Humans are the only creature that drinks the mamary secretions of another species. We would never consider suckling directly from the teat of a cow, goat, or any other mammal, and probably find the idea repulsive. No one would consider drinking rat's milk, yet it's not so different than cow's milk.

Milk and health don't go together. Ditch the dairy and improve your health.

Milk and Health: Following Up

Learn how milk and health relates to the raw foods that are man's natural diet.  

Find out the skinny on other types of food.

Milk and Health: Sources

1) Frassetto LA, Todd KM, Morris C, Jr., et al. "Worldwide incidence of hip fracture in elderly women: relation to consumption of animal and vegetable foods." J. Gerontology 55 (2000):M585-M592.
2) Sharpe R.  Are oestrogens involved in falling sperm counts and disorders of the male reproductive tract? Lancet 341:1392, 1993.
3) Wachsman A, and Bernstein DS. "Diet and Osteoporosis." Lancet May 4, 1968 (1968): 958-959
4) Barzel U.S. "Acid Loading and Osteoporosis." J. Am. Geriatr. Soc. 30 (1982) : 613.
5) New SA. Calcium, protein, and fruit and vegetables as dietary determinants of bone health.  Am J Clin Nutr. 2003 May;77(5):1340-1.
6) Barr SI.  Increased dairy product or calcium intake: is body weight or composition affected in humans? J Nutr. 2003 Jan;133(1):245S-248S.
7) Chan JM, Stampfer MJ, MA J, et al. "Insulin-like growth factor-1 (IGF-1) and IGF binding protein-3 as predictors of advanced-stage prostae cancer." J Natl Cancer Inst 94 (2002): 1099-1109.
8) Chan JM and Giovannucci EL. "Dairy products, calcium and vitamin D and risk of prostate cancer." Epidemiol. Revs. 23 (2001): 87-92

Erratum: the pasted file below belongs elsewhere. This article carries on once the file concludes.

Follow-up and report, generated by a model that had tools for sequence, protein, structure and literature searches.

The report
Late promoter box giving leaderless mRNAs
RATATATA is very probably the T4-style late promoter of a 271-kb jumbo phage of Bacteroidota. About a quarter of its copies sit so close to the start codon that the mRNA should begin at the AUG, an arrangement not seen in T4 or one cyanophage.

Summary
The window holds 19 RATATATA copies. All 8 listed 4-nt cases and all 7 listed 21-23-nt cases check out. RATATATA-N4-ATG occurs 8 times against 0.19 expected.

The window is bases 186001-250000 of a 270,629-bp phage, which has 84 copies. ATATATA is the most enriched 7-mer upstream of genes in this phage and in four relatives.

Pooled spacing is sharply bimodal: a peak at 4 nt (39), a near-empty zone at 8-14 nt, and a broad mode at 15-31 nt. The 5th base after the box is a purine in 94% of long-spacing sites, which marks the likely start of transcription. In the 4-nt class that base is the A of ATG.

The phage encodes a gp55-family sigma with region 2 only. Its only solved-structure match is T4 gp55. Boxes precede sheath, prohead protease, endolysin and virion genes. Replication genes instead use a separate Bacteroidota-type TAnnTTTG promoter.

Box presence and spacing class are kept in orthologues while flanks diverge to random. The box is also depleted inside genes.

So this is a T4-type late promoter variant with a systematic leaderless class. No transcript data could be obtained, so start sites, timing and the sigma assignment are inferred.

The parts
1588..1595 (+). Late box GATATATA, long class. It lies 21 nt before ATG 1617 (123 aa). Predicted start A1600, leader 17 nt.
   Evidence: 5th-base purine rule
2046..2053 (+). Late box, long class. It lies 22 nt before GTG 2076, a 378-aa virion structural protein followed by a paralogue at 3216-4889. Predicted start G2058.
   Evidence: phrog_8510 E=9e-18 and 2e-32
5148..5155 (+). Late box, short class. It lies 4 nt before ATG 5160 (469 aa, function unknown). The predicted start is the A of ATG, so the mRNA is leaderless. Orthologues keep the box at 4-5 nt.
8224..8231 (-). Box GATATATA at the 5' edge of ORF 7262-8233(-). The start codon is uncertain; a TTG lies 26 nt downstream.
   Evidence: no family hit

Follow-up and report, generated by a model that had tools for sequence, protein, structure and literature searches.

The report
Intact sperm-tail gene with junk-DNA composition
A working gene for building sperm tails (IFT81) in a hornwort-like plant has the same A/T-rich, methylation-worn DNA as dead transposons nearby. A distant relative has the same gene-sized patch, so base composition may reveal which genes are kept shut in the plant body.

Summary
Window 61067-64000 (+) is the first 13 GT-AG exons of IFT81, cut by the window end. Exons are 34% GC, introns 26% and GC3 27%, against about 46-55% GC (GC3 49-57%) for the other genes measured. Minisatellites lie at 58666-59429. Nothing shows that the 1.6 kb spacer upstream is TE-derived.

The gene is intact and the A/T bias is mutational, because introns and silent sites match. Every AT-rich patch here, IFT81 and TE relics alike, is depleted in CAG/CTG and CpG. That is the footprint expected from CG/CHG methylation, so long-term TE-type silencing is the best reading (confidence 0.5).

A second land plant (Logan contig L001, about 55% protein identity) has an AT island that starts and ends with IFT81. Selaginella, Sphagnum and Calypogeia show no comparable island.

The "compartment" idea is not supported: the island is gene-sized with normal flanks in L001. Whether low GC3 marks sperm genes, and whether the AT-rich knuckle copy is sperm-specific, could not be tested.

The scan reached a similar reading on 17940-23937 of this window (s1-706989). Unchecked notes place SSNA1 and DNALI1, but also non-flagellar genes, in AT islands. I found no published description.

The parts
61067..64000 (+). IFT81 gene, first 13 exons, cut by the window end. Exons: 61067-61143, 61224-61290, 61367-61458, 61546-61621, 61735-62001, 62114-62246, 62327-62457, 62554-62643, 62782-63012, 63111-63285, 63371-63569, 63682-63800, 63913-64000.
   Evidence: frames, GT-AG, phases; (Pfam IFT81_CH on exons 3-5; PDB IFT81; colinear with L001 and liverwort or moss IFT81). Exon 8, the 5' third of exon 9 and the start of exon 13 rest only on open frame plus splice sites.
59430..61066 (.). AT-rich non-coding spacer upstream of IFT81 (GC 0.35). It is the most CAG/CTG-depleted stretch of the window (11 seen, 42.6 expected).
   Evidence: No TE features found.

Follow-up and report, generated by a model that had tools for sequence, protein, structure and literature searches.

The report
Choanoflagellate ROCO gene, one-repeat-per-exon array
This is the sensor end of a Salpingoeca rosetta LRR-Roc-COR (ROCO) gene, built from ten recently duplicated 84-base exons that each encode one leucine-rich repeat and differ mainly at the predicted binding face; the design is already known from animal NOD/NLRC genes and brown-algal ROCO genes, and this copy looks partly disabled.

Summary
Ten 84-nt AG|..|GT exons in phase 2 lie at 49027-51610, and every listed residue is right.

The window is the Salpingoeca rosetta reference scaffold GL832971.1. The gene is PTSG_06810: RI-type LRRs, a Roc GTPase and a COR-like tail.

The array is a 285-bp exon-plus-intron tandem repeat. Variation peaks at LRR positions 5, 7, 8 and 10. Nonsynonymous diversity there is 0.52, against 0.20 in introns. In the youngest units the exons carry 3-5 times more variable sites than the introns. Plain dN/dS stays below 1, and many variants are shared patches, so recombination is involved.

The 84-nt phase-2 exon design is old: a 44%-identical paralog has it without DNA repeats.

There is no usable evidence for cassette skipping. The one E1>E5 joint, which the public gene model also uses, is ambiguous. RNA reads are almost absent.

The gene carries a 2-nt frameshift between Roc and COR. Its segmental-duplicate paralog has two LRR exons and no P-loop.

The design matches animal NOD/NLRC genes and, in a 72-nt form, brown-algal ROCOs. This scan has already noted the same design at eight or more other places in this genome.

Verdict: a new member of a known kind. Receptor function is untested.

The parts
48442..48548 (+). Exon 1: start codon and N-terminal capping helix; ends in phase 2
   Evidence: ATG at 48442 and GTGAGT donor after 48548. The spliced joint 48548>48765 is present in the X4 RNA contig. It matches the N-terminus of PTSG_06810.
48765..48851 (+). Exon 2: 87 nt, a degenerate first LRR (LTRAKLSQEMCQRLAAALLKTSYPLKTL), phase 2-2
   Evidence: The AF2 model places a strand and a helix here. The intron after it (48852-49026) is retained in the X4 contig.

9) Lanou AJ. Bone health in children. BMJ. 2006 Oct 14;333(7572):763-4.
10) Chapman PA.  Sources of Escherichia coli O157 and experiences over the past 15 years in Sheffield, UK.  Symp Ser Soc Appl Microbiol. 2000;(29):51S-60S.
11) Lund BM.  Pasteurization of milk and the heat resistance of Mycobacterium avium subsp. paratuberculosis: a critical review of the data.  Int J Food Microbiol. 2002 Jul 25;77(1-2):135-45.
12) Gonda M.  Bovine immunodeficiency virus.  AIDS. 1992 Aug;6(8):759-76
13) Iacono G.  Intolerance of cow's milk and chronic constipation in children. N Engl J Med. 1998 Oct 15;339(16):1100-4.
14) van Schaik G.  Trends in somatic cell counts, bacterial counts, and antibiotic residue violations in New York State during 1999-2000.  J Dairy Sci. 2002 Apr;85(4):782-9.
15) "Improved lactose digestion and intolerance among African-American adolescent girls fed a dairy-rich diet.". Journal of the American Dietetic Association. 2000.
16) Coles Harriet (2007-01-20). "The lactase gene in Africa: Do you take milk?". The Human Genome, Wellcome Trust. http://genome.wellcome.ac.uk/doc_WTX038968.html.